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Your Thoughts: speed of gravity

  1. Jul 13, 2004 #1
    I would like everyone to comment on this.

    What do you think is the speed of gravity?

    Some say it’s the same as the speed of light, others claim it might be 20 billion times faster than light.

    What is your idea? :)
     
  2. jcsd
  3. Jul 14, 2004 #2
    is that "20 billion times" a stated figure or was it off the top of your head
     
  4. Jul 14, 2004 #3
    speed of gravity??? what do u mean by that, i know of acceleration due to gravity, but i dont know what u mean by speed of gravity. Perhaps your talking about the interactions of gravitons between particles?? please give details about what you are talking about. :D
     
  5. Jul 14, 2004 #4
    The argument that gravity travels faster than light (20 billion times faster by some estimates) is that if it didn't, the gravity from the Sun on the Earth for example would have an 8 minute + lag so that the Earth would spiral out of orbit very quickly since it would be acting on the Earth's position 8 minutes ago, and vice versa. Some GR expert named Cliff something supposedly calculated that by some weird coincidence, gravity traveling at the speed of light from the sun does act on the instantaneous position of the EArth.
     
  6. Jul 14, 2004 #5
    If I remember correctly that calculation was debunked. To the best of my knowledge, the speed of gravity is the same as the speed of light.
     
  7. Jul 14, 2004 #6

    selfAdjoint

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    This is the prediction of general relativity. It hasn't been demostrated by observation yet, but big new experiments like LIGO and Gravity Probe B are closing in.
     
  8. Jul 14, 2004 #7
    I don't know about the technical stuff, but my guess is also that the speed of gravity is the same as the speed of light.
     
  9. Jul 14, 2004 #8

    BobG

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    The first argument would be equivalent to saying that each time you moved, the Sun would disappear until you came to a stop and remained stationary for 8 minutes. In reality, if you move, you run into light that left the Sun even before you started moving, so you don't see any difference unless you happen to be moving incredibly fast (you'd see a shift in the frequency of the light you're running into).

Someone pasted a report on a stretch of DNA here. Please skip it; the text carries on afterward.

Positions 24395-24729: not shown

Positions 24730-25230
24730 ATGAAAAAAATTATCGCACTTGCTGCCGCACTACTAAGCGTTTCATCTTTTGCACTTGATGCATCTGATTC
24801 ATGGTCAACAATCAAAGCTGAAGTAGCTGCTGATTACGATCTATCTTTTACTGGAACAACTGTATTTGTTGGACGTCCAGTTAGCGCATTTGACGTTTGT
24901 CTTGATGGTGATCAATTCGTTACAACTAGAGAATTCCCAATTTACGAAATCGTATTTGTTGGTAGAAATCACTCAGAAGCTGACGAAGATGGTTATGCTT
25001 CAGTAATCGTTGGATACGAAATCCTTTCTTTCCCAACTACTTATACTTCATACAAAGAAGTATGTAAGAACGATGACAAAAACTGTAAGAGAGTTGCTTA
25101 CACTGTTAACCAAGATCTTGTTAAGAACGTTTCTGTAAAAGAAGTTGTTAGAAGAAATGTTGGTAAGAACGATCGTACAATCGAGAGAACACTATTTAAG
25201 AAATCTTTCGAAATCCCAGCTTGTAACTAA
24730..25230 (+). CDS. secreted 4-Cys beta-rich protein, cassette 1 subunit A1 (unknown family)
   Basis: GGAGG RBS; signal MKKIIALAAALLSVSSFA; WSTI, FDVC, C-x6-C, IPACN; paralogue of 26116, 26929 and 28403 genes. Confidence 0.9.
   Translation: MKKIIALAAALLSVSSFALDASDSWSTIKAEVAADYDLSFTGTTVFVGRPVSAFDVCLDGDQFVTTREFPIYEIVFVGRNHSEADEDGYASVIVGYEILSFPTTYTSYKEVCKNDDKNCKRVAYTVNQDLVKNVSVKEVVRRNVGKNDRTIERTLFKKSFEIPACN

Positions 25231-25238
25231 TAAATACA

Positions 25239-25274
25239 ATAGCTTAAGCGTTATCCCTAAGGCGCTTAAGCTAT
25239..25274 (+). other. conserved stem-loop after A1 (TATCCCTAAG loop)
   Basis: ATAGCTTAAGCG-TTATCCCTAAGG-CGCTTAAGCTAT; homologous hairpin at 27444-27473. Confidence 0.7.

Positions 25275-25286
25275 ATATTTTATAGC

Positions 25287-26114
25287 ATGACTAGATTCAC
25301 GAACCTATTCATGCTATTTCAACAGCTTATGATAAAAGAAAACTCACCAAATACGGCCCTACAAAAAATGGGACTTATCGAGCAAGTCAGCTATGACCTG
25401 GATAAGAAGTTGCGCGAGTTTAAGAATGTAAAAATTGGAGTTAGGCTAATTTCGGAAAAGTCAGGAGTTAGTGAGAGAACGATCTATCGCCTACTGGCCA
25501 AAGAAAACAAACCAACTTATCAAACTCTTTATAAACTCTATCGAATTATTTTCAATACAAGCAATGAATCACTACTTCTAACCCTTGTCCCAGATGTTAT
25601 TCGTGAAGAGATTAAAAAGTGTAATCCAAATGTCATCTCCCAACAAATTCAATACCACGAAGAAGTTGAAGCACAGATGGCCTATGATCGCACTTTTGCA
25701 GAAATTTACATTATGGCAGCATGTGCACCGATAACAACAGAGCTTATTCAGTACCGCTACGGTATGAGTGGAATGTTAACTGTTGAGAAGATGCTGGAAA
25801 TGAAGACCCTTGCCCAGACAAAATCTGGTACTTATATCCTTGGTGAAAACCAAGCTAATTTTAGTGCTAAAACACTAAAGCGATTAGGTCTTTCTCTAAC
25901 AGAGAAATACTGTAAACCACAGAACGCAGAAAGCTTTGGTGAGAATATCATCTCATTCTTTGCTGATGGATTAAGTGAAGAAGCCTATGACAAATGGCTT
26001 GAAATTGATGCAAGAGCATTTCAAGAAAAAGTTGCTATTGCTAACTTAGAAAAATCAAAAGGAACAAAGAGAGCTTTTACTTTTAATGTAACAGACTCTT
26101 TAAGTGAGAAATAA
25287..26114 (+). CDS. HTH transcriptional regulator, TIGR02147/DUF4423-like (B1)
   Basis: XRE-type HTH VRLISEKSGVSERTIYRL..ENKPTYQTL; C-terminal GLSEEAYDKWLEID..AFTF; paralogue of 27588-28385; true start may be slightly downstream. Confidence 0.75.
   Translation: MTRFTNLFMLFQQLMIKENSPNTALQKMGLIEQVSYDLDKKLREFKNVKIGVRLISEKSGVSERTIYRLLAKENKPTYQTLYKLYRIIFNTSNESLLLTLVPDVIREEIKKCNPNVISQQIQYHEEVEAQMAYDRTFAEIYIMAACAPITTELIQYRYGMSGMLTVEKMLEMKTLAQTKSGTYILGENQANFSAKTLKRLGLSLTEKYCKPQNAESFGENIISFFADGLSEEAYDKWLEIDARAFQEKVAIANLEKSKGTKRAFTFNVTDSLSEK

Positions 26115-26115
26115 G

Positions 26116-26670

Just because the distance is part of the equation for determining the force of gravity, doesn't mean that only the 'gravitrons' (or whatever) originating at that precise instant determine the gravitational attraction (the equation isn't the reality - it describes the reality). I would think any gravitational forces an object generates exist regardless of whether there is any other body there to interact with. If another body does exist and is in motion, it, too, has its own gravitational forces that are moving with it. The equation for determining the force of gravity describes the interaction occuring where the forces from the two bodies intersect each other and is independent of the speed either body is travelling - at least, unless you're travelling some very high speeds, at which point I'm not sure what kind of difference you'd perceive that would be equivalent to the frequency shift of light.

    Just out of curiosity, what kind of difference do LIGO and the Gravity Probe B expect to detect?
     
  10. Jul 14, 2004 #9
    the foce of gravity acts at the speed of light.
    if the sum just suddenly disapeared with would see and feel the effects simultaneously
     
  11. Jul 14, 2004 #10

    LURCH

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    I have probably said this before, but if I understand general relativity correctly, the term "speed of gravity" is not exactly valid. The LIGO experiment is attempting to detect the speed of gravity waves, which are predicted to travel at lightspeed. However, this is not exactly the same thing as the "speed of gravity" it is merely the speed at which changes in gravity propagate.

    I have always described with the following analogy;

    Suppose we are sitting in two small boats on the surface of a lake. There is water covering all the distance between our two boats. If I began knocking my boat, I will generate waves which will travel to your boat. You could measure the speed at which those waves are going past your boat (if you were inclined to do so), but this would not give you the "speed of water", or the "speed of lake". The lake exists throughout all the space between our boats at all times. Likewise, gravity is a curvature of space that fills up a certain area and occupies that area, not a force that propagates through or travel across that area.
     
  12. Jul 14, 2004 #11

    BobG

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    Good analogy.